If you had a hearing at the Board of Appeals and received a letter of decision rescinding or modifying the Registrar’s actions, you may appear at any Registry branch for reinstatement. Please bring the letter of decision with you.

Fees:

If your license was suspended or revoked, a reinstatement fee will be due when your license is reinstated. This fee ranges from $100 – $1,200, depending on the offense. This reinstatement fee is in addition to any other fee or charge for which you may be responsible.

Junior Operator Reinstatement Fees:

For reinstatement of a learner’s permit or junior operator license, a Driver Attitudinal Retraining Course and/or the State Courts Against Road Rage (SCARR) program may be required.

Payment Defaults

Non-Criminal Citation

If you defaulted on a non-criminal civil citation and have been suspended as a result, you must pay the fine to the court and bring the green court release forms to any Registry branch. There is a $10.00 filing fee to remove each default. In addition, a $100.00 reinstatement fee is required if your license or right to operate was suspended.

Non-Criminal Citation after January 1, 1992:

If you received a non-criminal citation after January 1, 1992, you may pay the citation, late fee and/or reinstatement fee by calling the registry or paying at one of their full service offices, or

Mail your fees to (Do Not Mail Cash):

Attn: Citation Payment
Registry of Motor Vehicles
PO Box 55890
Boston, MA 02205-5890

Criminal Citations

If you defaulted on a criminal civil citation and have been suspended as a result, you must pay the fine to the court and bring the green court release forms to any Full service Registry branch.

Out-of-State Suspensions and Revocations

If your Massachusetts license is revoked due to a suspension or revocation in another state, you must be reinstated in that state before you can resolve any revocation in Massachusetts. Once you have resolved the suspension or revocation in the other state, you may resolve your revocation in Massachusetts by bringing either a reinstatement letter or a current driving record from the state of suspension to any Registry branch

Please note, your reinstatement letter or driving record may not be more than 30 days old.

If you have any questions or need more information about your Massachusetts suspension or revocation, you may call the Suspensions Department at (617) 351-7200.

Call Sweeney & Associates at 617-328-6900 for a free consultation before you go to court or immediately upon receiving any notice from the Registry of Motor Vehicles.

Attached is a brochure outlining suspensions and revocations.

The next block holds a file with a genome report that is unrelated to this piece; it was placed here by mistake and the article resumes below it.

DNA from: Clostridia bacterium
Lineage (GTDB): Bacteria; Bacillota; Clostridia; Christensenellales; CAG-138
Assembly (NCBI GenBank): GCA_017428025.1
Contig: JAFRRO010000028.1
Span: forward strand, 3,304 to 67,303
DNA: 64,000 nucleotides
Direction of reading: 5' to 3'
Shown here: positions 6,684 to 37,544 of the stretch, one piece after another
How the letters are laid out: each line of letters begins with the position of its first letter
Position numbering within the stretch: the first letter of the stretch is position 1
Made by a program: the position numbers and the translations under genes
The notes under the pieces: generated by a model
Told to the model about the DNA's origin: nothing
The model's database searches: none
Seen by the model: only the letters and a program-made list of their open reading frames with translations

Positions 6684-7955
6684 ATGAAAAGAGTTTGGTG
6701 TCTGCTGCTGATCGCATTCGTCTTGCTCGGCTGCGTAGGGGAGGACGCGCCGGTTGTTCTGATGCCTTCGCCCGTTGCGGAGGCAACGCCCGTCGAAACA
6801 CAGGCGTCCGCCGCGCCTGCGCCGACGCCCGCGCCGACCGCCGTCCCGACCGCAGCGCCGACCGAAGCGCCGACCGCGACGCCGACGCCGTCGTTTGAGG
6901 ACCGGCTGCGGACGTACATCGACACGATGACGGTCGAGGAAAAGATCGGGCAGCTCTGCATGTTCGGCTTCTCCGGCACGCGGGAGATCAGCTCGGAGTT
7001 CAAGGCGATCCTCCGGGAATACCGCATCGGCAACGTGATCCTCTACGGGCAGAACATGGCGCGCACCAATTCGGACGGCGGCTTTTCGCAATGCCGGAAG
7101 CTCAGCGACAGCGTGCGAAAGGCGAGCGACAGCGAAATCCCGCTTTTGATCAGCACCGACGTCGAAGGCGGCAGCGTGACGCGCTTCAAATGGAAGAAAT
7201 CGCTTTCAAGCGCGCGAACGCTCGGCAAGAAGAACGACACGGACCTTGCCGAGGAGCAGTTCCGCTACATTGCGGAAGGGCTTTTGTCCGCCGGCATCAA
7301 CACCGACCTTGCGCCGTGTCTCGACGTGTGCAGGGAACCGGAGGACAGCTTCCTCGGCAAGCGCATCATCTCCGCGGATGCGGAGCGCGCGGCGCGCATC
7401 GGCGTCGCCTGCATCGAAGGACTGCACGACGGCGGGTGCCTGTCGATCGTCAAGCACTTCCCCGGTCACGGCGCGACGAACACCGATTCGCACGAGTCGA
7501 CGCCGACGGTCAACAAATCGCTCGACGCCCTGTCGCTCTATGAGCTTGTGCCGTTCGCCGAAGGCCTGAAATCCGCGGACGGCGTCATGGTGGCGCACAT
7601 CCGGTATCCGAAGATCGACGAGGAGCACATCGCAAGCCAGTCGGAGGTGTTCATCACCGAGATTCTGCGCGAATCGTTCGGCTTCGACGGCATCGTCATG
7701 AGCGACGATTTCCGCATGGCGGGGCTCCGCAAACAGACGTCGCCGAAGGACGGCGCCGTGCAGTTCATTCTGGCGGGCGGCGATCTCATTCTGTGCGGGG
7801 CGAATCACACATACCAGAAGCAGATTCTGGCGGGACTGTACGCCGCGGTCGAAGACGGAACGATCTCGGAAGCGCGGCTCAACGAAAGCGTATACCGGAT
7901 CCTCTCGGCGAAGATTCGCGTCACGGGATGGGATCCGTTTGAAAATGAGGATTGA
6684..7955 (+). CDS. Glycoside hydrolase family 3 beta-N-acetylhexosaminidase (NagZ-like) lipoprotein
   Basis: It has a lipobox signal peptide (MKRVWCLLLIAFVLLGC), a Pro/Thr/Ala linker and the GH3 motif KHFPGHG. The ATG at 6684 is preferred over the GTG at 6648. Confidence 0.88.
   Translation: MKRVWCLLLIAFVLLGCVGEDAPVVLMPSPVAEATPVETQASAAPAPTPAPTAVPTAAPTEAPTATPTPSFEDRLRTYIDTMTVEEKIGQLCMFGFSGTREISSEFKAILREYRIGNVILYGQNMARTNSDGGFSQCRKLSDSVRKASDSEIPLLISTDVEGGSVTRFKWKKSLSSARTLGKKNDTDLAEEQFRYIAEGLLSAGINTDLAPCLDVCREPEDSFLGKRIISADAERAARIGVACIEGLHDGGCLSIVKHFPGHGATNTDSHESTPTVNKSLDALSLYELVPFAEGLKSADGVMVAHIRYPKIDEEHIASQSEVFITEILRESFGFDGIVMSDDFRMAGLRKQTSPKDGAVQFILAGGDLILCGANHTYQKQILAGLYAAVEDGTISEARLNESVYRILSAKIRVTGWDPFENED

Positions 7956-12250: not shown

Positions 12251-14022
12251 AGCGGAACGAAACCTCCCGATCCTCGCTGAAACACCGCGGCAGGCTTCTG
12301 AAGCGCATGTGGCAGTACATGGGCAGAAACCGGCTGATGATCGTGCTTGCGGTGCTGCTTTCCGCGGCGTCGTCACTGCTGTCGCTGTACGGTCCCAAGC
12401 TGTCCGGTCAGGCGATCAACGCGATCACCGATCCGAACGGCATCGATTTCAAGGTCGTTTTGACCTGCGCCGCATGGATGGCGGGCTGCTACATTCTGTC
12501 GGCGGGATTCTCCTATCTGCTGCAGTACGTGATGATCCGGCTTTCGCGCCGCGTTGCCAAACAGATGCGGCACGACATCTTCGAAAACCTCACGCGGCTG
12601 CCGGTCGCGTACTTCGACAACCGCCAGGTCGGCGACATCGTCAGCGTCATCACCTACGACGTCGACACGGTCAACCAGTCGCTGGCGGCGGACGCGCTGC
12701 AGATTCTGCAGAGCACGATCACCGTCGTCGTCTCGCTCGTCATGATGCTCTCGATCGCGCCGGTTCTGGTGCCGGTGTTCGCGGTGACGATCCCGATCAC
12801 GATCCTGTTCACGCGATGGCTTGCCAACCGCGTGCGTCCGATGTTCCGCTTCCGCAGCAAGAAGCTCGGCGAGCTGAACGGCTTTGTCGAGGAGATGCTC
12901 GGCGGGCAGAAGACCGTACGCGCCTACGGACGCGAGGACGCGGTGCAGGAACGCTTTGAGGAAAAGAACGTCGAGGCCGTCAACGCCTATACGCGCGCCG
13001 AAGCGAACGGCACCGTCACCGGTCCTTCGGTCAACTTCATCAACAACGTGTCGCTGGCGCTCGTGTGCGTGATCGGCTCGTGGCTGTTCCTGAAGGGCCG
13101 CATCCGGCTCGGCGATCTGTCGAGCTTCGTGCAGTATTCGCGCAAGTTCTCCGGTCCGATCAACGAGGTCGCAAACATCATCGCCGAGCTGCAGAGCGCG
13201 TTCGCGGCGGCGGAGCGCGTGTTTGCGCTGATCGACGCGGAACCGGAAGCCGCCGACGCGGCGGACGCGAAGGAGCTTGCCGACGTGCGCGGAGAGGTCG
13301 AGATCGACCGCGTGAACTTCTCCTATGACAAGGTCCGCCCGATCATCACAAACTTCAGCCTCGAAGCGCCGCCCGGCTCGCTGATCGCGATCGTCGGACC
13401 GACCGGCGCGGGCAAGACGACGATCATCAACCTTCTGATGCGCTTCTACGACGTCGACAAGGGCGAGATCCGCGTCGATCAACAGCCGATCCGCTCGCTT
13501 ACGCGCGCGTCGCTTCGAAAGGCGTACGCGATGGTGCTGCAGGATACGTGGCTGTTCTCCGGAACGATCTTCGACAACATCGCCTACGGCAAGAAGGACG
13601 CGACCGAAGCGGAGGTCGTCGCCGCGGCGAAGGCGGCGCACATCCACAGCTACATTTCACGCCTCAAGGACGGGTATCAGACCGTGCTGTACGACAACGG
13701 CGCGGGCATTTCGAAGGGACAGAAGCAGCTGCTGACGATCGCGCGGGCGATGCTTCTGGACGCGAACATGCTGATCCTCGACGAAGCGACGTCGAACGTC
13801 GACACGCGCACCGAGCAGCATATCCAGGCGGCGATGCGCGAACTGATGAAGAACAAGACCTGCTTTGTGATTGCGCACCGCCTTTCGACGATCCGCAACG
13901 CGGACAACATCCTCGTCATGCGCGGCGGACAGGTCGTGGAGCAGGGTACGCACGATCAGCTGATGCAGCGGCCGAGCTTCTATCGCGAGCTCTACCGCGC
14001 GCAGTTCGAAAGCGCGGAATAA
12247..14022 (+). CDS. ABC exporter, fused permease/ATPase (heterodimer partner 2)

Elderly Drivers

Speaking with an elderly parent about surrendering a driver’s license is a delicate issue but one which most of us face at some point or another.  Given the importance of keeping everyone safe I have put together some information which is helpful to families that have to face this issue.  Attached is the Reporting requirements and medical report form needed for the RMV to take action.  They can also be found online at this link HERE.

The Massachusetts Registry of Motor Vehicles website has excellent links to resources that will be extremely helpful to both you and your family as they outline the best way to deal with elderly and/or medically impaired drivers as family members.  The first link is the Massachusetts Registry of Motor Vehicles link and the others can be found on this site.  Please be advised that should your parent or grandparent surrender his or her license then there would be no need for the reporting form and the registry will issue them Mass ID free of charge.  Should the necessity come up to file a report you should be explicit about the limitations and, whenever possible, speak to his/her doctor first.  If the doctor is in agreement with the family then he/she can submit the form and it will be revoked immediately.

The best way to approach this issue is with the family physician’s assistance.  Once the family members express concern to a family physician he/she can then sit down with the parent or grandparent and, as an interested caregiver, intervene on behalf of the family and assist the patient in understanding the necessity of surrendering the license.  Also it is important to remember that once a report is filed by a family member and it is contested a physician needs to sign off that the patient can drive.  Therefore it is always helpful to voice your concerns to her physician IF you need the assistance and definitely if you end up filing the revocation request.

As always if you need any assistance please contact us and we are happy to assist you and your family through the process.  We sincerely wish you and your family the best in dealing with this emotional issue.

Mass Criminal Law – Legal Information for College Students and Parents

June 16, 2010

Greetings and welcome to Massachusetts from the attorneys at  Sweeney & Associates.